A revolution is taking place. Don’t get too excited or you may scare it away – but it is clear now that ecological awareness is moving steadily from the margins of political, social and technological thinking into varying degrees of action by individuals, businesses and governments.It may be a false dawn and we could all go back to good ol’ smokin’, pollutin’ and wastin’, but there is enough technological and intellectual momentum building worldwide to suggest that we are in the process of changing for the better our relationship with nature. The process is muddled, slow and sometimes incoherent, but it’s all leading to dramatic shifts in the way we live, work and do business with each other.
Consider how far we have all come in just a generation. Have you thought about installing or have you bought renewable electricity? Have you deliberately not taken an aeroplane, or bought a less powerful car? Have you chosen to eat food that has not travelled vast distances, or which has been grown without pesticides? Have you thought about voting for a political party or an individual because of their record on the environment? Or complained about people smoking or littering the streets? Have you tried to recycle more and turn off more lights? Have you started to link heatwaves and hurricanes with climate change, or wondered what kind of physical world your children will inhabit?

As Al Gore has said, “We are all environmentalists now”, which is just as well because the signals are that modern man, obsessed with economic growth, is on the way to creating a degraded and impoverished world in which fewer and fewer people live well and more and more species are denied even the fundamentals of life – clean air, water and enough food.
And now consider how far we may have to go in the next 20 to 30 years just to get through without catastrophe or resource shortages that cripple our economies or lead to immense social upheavals and strife. Even the least alarming and most cautious forecasts by scientists and governments suggest ecological change is going to accelerate rapidly as climate change, population growth and industrial development puts extra stress on societies.
If you cannot see why change is necessary, just stretch the imagination. Within most of our lifetimes there will at least two billion more people alive – another China and a half, or nearly 10 times as many as live in western Europe today.
So there will be nine billion people alive, all being encouraged to consume as much oil, water, land, minerals, wood and stone as we in Britain do today. That would mean something like 1000 times as many aeroplanes, 10 times as many cars and half as much food and water again being needed.
Forget it. This would also require several new planets, so something will have to give – and it’s going to be the environment.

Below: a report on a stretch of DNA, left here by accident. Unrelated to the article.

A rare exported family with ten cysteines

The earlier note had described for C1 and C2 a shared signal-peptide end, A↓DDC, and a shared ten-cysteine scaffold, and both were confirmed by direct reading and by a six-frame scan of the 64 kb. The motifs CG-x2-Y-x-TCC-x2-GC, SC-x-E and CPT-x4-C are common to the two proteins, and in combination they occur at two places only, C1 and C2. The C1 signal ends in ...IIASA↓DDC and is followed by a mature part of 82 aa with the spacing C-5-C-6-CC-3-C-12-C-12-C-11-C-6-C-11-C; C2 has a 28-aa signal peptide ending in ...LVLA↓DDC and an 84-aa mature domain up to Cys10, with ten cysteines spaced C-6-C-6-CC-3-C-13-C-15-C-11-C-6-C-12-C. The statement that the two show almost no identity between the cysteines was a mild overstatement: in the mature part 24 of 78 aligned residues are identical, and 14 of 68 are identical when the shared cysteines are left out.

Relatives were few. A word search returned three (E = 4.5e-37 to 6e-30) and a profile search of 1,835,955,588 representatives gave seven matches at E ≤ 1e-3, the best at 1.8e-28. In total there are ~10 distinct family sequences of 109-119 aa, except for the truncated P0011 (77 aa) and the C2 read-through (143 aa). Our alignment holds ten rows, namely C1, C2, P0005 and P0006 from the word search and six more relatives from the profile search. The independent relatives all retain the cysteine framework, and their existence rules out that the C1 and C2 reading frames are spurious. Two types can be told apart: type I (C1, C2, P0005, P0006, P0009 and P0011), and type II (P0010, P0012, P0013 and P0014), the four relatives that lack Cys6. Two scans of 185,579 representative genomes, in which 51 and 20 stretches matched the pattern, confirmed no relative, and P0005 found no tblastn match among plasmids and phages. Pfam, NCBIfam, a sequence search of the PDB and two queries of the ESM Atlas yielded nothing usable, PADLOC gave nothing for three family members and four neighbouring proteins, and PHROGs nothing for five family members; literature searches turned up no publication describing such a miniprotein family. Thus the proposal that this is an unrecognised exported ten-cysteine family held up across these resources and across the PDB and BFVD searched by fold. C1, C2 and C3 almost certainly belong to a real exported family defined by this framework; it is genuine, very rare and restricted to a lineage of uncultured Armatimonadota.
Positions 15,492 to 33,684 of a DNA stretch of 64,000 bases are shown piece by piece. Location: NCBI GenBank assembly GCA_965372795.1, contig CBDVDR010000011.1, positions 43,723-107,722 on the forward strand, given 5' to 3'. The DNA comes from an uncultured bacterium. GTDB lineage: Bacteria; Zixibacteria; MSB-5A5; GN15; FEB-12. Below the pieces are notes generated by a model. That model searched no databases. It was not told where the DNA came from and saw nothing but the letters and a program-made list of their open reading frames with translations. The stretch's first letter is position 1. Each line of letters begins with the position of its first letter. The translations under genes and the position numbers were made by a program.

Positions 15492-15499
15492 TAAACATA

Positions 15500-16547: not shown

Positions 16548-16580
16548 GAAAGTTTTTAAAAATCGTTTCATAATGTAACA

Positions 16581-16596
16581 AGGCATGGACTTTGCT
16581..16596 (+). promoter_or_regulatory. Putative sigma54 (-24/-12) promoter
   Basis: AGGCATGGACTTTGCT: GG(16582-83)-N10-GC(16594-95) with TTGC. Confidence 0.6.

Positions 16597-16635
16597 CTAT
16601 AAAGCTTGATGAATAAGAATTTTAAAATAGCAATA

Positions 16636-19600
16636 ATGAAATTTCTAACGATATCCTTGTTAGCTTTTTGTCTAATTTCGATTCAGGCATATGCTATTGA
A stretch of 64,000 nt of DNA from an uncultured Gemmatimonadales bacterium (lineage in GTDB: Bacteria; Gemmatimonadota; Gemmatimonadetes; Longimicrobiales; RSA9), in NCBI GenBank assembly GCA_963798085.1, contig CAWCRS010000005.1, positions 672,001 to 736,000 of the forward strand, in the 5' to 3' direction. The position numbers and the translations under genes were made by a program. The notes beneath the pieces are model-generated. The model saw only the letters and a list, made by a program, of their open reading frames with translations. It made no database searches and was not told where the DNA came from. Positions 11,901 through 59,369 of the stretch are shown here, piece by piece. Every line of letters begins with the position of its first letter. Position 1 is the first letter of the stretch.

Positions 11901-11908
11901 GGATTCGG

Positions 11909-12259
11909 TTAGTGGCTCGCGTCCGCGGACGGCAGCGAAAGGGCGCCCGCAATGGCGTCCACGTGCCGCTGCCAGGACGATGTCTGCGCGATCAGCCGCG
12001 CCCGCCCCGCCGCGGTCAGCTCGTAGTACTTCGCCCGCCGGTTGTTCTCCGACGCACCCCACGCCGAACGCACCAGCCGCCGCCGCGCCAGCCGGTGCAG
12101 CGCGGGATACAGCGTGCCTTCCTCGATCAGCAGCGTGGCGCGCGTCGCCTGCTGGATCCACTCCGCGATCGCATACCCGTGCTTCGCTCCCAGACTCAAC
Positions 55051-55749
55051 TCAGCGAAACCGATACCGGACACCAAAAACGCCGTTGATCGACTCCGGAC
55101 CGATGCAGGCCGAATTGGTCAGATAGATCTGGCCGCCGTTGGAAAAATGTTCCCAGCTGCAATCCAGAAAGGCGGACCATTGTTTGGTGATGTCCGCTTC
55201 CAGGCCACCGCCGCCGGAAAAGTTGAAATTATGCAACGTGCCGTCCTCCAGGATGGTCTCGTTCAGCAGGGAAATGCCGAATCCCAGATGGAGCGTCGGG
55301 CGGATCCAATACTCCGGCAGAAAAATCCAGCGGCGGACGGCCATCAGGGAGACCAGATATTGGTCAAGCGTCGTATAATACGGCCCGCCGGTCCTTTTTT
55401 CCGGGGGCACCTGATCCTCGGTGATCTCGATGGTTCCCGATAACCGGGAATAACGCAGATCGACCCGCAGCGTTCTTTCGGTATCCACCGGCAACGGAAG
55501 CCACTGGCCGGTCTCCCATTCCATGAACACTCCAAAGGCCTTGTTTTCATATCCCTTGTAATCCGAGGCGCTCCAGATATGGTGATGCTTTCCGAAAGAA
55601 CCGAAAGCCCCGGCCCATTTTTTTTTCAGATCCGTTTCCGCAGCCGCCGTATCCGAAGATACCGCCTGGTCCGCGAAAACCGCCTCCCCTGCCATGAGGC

So far there is no Plan B, but as the scale of the ecological crisis dawns, some radical big ideas are emerging. Most are technological and managerial. The first is to compel industry to come up with goods that need fewer resources to make, use less energy to run, and which when they are finished with can become the raw materials of another industrial process.
It may need new laws or pressure from consumers to get there, but a fourfold decrease in resource use is considered an absolute minimum for life in 2050. Few people can imagine everyone smoking fags on the London underground any more, and our grandchildren will wonder how on earth cars could be conceived that used a whole gallon of petrol to take one person 15 miles, and which were thrown into a hole after a few years.
But then most people will look back on 2006 and think we lived in prehistoric conditions. They will wonder why everyone did not generate their own electricity but allowed a national grid system to waste more than half of what was generated. They will ask why houses leaked heat, and why we needed nuclear power when solar and marine power was possible. It may always be a mystery why we travelled and polluted so much, or how we became addicted to oil.
But new generations will also regard what was happening today as really significant. We are seeing the shy emergence of a global carbon economy, which could genuinely counter climate change. Britain must reduce by 90% its climate changing emissions in the next 40-odd years, which seems daunting but is actually only about 3% a year. Big industry can already trade carbon just like coffee, oil or pork bellies, but by 2020 or sooner everyone in Europe could have personal carbon emission quotas, set by governments. Imagine going to a cash machine to buy extra quotas to go on holiday, or to drive more than 5,000 miles a year. What effect would real carbon constraint have on where individuals live, or how we travel?
But that may be just the start. Beyond personal emission trading comes the potential of resource economies developing. Every good and transaction, every movement and action, may in future be valued by its embodied carbon or water. That melon you buy in the supermarket is effectively several hundred litres of precious groundwater exported from southern Spain. That computer which needed tens of thousands of litres of water and scarce metals to make may have to be rethought. A global hydro economy would demand that industry and farming use less water, and would encourage different crops to be grown and fewer animals to be bred for food.
This is just the start. Today we begin to switch to green electricity, put photovoltaic cells and micro power plants on our roofs, buy local produce, and travel and consume less. Tomorrow, it will be much easier, cheaper and more convenient to change to a green lifestyle. But we will still ask ourselves why it took us so long.
Saturday September 23, 2006
The Guardian